In Section 2 we introduce an operating cost C. Hence the project will generate a flow of operating profit equal to (P — C) per period. This raises a new issue—the output price can go below C from time to time, which would make the operating profit negative. We must specify what happens then. We will consider two, somewhat extreme, possibilities. The first, which is the subject of this chapter, is that the project can be costlessly shutdown if P falls below C, and later costlessly restarted if P rises above C. In effect, this makes the project an infinite sequence of instantaneous operating options, each of which is exercised if P > C, and can be valued accordingly. The other extreme possibility, which we will consider in Chapter 7, prohibits such temporary suspension by supposing that the full investment cost I must be incurred over again if operations are ever resumed. Then some losses will be sustained to keep the option of future operations alive, but if the losses grow sufficiently large, the project will be abandoned. Of course reality lies somewhere between these two extremes. Ongoing projects generally build up specific assets—workers' skills, customers' loyalty, etc.—that will gradually disappear, or "rust," if operation is suspended. Thus resumption involves a cost, but less than the cost of starting anew, and the difference depends on the nature of the product and the duration of the suspension. Our analysis of the extreme cases yields results that can be suitably combined to fit particular applications that lie in between.

In Section 3 we allow some instantaneous variation of inputs like labor and raw materials, to vary the output flow from the project in response to transient price fluctuations. Now the profit flow becomes a nonlinear function of the price, which alters the effect of uncertainty on investment.

All of the analysis up to this point assumes that the project, once installed, goes on producing the output flow forever. This unrealistic assumption is made only to convey the basic ideas of option values in a simpler manner. In Section 4 we relax this assumption by introducing depreciation. We show that the effect on option values depends not on the mortality of one project, but on how we specify the opportunities available to the firm after its initial project has reached the end of its life. We also show that option values remain of considerable significance even with fairly rapid depreciation.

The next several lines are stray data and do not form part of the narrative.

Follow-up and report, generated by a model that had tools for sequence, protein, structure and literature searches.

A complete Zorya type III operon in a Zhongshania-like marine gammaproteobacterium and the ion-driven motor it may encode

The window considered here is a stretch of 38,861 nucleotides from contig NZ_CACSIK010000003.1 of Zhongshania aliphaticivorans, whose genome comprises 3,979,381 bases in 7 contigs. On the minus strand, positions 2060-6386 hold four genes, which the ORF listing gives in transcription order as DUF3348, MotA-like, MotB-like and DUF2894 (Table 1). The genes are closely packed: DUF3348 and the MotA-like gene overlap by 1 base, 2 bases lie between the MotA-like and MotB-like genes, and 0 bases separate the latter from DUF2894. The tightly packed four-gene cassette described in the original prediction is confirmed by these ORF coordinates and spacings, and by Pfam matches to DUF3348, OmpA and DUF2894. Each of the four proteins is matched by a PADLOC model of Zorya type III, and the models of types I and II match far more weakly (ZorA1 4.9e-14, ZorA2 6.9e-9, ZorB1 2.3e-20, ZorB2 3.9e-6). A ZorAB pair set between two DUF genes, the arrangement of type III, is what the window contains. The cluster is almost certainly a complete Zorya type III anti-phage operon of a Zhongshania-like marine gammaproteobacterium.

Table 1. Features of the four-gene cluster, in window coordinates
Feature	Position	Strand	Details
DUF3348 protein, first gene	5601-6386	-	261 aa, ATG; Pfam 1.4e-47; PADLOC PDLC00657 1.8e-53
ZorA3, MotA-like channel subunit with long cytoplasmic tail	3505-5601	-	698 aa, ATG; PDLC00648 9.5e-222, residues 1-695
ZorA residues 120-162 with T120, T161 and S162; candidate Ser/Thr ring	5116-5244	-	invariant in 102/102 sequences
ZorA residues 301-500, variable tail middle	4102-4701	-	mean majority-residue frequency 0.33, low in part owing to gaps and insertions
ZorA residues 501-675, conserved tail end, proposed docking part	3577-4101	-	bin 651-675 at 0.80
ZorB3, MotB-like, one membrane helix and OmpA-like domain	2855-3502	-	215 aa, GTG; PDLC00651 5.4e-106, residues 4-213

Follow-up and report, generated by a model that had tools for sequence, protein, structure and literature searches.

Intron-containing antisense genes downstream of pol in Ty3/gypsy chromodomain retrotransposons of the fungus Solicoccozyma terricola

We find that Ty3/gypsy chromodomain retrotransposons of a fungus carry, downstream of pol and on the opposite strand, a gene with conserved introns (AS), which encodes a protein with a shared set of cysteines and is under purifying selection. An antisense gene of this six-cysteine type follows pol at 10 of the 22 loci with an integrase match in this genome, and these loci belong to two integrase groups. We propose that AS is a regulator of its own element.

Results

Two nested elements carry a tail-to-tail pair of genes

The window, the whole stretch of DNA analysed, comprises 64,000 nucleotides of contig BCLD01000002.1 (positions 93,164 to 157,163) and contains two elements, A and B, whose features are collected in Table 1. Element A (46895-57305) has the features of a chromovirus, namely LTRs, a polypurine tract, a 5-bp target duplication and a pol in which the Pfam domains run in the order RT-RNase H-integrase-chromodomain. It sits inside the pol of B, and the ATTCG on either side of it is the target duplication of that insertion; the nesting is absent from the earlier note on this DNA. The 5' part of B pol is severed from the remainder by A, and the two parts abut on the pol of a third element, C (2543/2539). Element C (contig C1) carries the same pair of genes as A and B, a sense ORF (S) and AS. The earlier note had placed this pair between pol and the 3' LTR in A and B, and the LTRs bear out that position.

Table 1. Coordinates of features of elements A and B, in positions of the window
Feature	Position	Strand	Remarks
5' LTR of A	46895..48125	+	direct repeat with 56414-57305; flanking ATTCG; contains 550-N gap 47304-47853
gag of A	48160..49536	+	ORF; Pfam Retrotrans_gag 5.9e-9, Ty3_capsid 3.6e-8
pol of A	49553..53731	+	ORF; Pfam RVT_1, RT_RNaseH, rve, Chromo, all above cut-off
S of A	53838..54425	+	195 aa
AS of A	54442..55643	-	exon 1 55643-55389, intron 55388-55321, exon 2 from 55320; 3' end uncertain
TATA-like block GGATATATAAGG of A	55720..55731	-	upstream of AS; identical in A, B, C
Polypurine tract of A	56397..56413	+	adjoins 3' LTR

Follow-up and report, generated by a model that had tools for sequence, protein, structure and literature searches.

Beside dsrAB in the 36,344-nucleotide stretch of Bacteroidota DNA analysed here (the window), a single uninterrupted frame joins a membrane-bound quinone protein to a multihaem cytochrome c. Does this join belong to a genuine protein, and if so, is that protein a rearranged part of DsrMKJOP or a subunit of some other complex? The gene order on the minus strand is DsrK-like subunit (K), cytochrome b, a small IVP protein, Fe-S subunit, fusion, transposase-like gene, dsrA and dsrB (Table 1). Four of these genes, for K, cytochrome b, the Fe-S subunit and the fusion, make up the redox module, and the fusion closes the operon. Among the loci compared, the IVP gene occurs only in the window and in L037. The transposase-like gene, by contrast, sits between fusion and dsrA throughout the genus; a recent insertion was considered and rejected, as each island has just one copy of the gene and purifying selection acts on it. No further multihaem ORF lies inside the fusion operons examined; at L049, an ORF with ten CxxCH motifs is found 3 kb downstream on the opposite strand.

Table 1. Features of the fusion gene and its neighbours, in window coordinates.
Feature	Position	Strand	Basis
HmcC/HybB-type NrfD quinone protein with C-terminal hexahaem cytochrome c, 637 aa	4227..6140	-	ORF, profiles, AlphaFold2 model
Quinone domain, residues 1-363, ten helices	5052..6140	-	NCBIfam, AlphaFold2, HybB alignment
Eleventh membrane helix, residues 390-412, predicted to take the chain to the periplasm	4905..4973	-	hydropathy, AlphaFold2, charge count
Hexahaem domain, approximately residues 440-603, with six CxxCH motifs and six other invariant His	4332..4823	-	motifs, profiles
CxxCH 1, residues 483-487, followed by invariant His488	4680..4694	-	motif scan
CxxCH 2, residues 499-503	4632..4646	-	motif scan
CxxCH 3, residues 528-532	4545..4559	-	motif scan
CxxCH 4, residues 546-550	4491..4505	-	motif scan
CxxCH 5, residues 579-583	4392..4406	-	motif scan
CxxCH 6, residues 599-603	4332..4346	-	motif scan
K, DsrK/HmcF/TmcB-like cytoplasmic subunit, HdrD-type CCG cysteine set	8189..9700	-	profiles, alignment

In the concluding section of this chapter we consider a situation where two variables that affect the firm's investment decision—the output price and the investment cost—are both random. Here the value of the option to invest is a function of both of these independent variables, and therefore it satisfies a partial differential equation. In general such equations are difficult and must be solved numerically. A special feature of homogeneity helps us reduce the problem to an ordinary differential equation and solve it analytically. Now investment is optimal only when the ratio of output price to investment cost exceeds a threshold influenced by the option value of waiting.

Throughout this chapter, the insights about option values which we gained from the analysis of Chapter 5 will remain valid and valuable as we introduce new features into the model. The techniques developed there will also continue to be useful. In future chapters we will continue the program of generalizing the models and posing new issues. In Chapter 7 we will consider the possibility of temporarily mothballing or permanently abandoning a project if its cash flow turns negative. Then, in Chapters 8 and 9 we will move to the level of industry equilibrium, where each firm has the opportunity to invest in a single project. In Chapter 10 we will return to the perspective of a single firm, but generalize the nature of the project, letting it consist of a number of investment steps, all of which must be completed before the profit flows begin. Finally, in Chapter 11 we consider incremental investment, where each unit of addition to capacity begins to yield its marginal revenue product as soon as it is installed.